The Department of Justice will be implementing a new performance metrics for immigration judges on October 1, 2018. The Justice Department official said the new metrics will require immigration judges to complete three cases per workday. The average cases completed per year by immigration judges, per the official, is fewer than 680. The new metric will require judges to complete 700 cases per year. Completing fewer than 560 cases per year would result in the judge being evaluated at the “unsatisfactory” level. Many worry that immigration judges will be forced to adjudicate cases more quickly, rush immigrant defendants through the system without the opportunity to obtain an immigration attorney, without an opportunity to present evidence or to present their claim in a manner that’s appropriate with due process.
The requirement to complete a removal/deportation in cases in 3 days from the hearing where the immigrant is detained (10 days when the immigrant is not detained) is nearly impossible for an immigration attorney. The immigrant defendant and attorney cannot gather evidence to support a claim for relief and file documents in court in 3 days or even 10 days. Usually when an immigrant is detained, an immigration judge can complete the case in 30 days – giving the government attorney and immigrant defendant reasonable time to gather evidence and present oral testimony. These new performance metrics for immigration judges is putting a place a new system that will generate more appeals and strip defendants of a fair opportunity to fully prepare and present this case in court (a right referred to a due process).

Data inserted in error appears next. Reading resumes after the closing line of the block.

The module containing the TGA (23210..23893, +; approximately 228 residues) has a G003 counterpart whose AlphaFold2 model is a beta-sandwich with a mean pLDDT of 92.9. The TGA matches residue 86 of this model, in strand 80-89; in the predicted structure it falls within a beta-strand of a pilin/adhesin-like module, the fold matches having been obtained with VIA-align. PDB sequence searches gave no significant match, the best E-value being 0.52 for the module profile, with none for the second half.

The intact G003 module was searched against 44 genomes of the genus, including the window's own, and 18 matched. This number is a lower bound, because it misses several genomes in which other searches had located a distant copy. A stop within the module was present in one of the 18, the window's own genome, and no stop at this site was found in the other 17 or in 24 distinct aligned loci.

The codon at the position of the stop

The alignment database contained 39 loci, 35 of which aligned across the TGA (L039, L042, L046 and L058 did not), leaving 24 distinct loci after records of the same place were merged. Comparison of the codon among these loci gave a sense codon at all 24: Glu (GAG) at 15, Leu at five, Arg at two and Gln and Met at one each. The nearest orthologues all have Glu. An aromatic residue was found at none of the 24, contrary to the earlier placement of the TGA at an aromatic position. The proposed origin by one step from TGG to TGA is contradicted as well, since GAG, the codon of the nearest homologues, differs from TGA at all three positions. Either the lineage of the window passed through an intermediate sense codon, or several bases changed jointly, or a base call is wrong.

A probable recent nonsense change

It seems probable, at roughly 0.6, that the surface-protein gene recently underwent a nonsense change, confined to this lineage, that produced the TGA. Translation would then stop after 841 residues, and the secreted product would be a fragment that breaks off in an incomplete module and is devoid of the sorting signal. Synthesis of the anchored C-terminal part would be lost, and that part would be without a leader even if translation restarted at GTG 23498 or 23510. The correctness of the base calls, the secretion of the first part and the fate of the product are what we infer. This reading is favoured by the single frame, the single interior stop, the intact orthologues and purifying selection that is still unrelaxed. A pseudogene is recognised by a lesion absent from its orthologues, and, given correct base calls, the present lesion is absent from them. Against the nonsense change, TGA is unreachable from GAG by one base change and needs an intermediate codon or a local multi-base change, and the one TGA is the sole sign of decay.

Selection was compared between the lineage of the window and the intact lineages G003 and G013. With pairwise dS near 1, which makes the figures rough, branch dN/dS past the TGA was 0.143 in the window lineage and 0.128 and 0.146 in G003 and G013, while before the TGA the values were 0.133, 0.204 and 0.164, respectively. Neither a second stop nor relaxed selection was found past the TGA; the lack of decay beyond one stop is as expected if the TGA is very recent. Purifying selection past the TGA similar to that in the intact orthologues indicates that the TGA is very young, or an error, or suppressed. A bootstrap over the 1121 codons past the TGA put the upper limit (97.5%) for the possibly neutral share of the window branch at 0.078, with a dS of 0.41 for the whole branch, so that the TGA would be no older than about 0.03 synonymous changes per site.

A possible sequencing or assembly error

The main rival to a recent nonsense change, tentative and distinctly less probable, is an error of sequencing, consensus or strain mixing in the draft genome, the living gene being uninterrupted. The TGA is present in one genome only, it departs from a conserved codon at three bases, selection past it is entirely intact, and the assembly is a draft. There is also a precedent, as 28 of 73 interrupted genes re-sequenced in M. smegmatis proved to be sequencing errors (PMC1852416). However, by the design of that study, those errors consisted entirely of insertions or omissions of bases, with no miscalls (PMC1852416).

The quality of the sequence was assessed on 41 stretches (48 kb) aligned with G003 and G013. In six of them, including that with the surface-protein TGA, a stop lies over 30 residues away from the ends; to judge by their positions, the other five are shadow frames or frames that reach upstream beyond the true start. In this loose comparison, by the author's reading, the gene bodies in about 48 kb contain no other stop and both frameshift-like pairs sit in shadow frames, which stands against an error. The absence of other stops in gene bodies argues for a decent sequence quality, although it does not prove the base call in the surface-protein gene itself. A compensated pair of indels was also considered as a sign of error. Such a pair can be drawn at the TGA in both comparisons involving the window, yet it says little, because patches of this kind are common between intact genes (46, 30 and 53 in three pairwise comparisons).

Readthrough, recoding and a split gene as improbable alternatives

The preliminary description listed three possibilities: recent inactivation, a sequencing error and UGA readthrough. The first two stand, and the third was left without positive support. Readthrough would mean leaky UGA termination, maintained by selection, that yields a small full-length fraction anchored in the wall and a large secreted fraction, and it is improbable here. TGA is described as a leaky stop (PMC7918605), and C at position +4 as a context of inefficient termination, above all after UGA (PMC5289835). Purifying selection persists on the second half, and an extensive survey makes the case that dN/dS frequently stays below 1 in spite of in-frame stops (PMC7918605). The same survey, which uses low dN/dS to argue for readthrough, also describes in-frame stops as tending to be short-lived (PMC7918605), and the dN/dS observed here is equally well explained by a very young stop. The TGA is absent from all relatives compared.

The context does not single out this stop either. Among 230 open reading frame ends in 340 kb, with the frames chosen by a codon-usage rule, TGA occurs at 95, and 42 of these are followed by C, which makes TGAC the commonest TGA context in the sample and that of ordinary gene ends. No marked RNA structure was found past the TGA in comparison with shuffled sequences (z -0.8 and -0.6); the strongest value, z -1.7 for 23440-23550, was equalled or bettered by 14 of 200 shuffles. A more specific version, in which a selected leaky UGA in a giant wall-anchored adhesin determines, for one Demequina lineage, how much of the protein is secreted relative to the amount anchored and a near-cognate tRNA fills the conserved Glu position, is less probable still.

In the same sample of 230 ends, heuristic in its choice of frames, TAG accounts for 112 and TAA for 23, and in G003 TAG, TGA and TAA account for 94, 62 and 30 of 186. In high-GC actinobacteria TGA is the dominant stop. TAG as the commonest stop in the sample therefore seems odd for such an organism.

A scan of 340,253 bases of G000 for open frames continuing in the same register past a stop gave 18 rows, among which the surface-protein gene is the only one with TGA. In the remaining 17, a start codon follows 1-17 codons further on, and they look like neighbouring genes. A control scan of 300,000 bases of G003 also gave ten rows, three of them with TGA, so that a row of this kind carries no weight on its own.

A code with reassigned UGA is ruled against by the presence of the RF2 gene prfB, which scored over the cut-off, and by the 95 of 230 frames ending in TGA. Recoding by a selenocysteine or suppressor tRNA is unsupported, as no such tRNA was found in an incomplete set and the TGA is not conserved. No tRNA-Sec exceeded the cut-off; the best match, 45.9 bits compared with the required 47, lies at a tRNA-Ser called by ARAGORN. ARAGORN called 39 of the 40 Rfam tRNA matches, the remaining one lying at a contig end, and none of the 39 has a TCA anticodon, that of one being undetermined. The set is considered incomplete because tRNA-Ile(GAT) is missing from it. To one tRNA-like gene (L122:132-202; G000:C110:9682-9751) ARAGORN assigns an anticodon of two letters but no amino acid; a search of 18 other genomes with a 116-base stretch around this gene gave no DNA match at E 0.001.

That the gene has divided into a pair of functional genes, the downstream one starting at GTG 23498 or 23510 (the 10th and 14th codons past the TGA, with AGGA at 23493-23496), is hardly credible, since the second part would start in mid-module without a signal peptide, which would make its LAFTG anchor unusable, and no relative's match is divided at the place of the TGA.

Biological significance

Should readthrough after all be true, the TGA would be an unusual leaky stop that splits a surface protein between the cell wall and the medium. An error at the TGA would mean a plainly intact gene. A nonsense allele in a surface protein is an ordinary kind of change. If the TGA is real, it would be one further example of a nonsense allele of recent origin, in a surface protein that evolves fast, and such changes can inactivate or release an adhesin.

Immigration judges are considered Department of Justice (“DOJ”) attorneys, despite their title. With this new performance matrix, the DOJ has stripped immigration courts of any remaining independence by implementing strict quotas as part of immigration judges’ performance evaluations.The DOJ retains ultimate control over an immigration judge’s employment and his/her decisions. For now, however, the institution of these quotas by the Department of Justice attempts to keep immigration judges in line with the administration’s goal of speedy removal of immigrants, with the threat that their performance appraisals, and thus, their careers, will be negatively impacted if they fail to comply with requirements.
According to Attorney General Jeff Sessions “. . . [a]liens who enter our country illegally should be aware that the government will use any and all lawful tools, including expedited removal and prompt immigration proceedings, to ensure that our immigration courts will not be burdened with cases that lack merit under the law.” Obviously, at the heart of these quotas is a sinister and discriminatory goal—that of the speedy removal of a specific group of immigrants whose cases the DOJ has prejudged as meritless.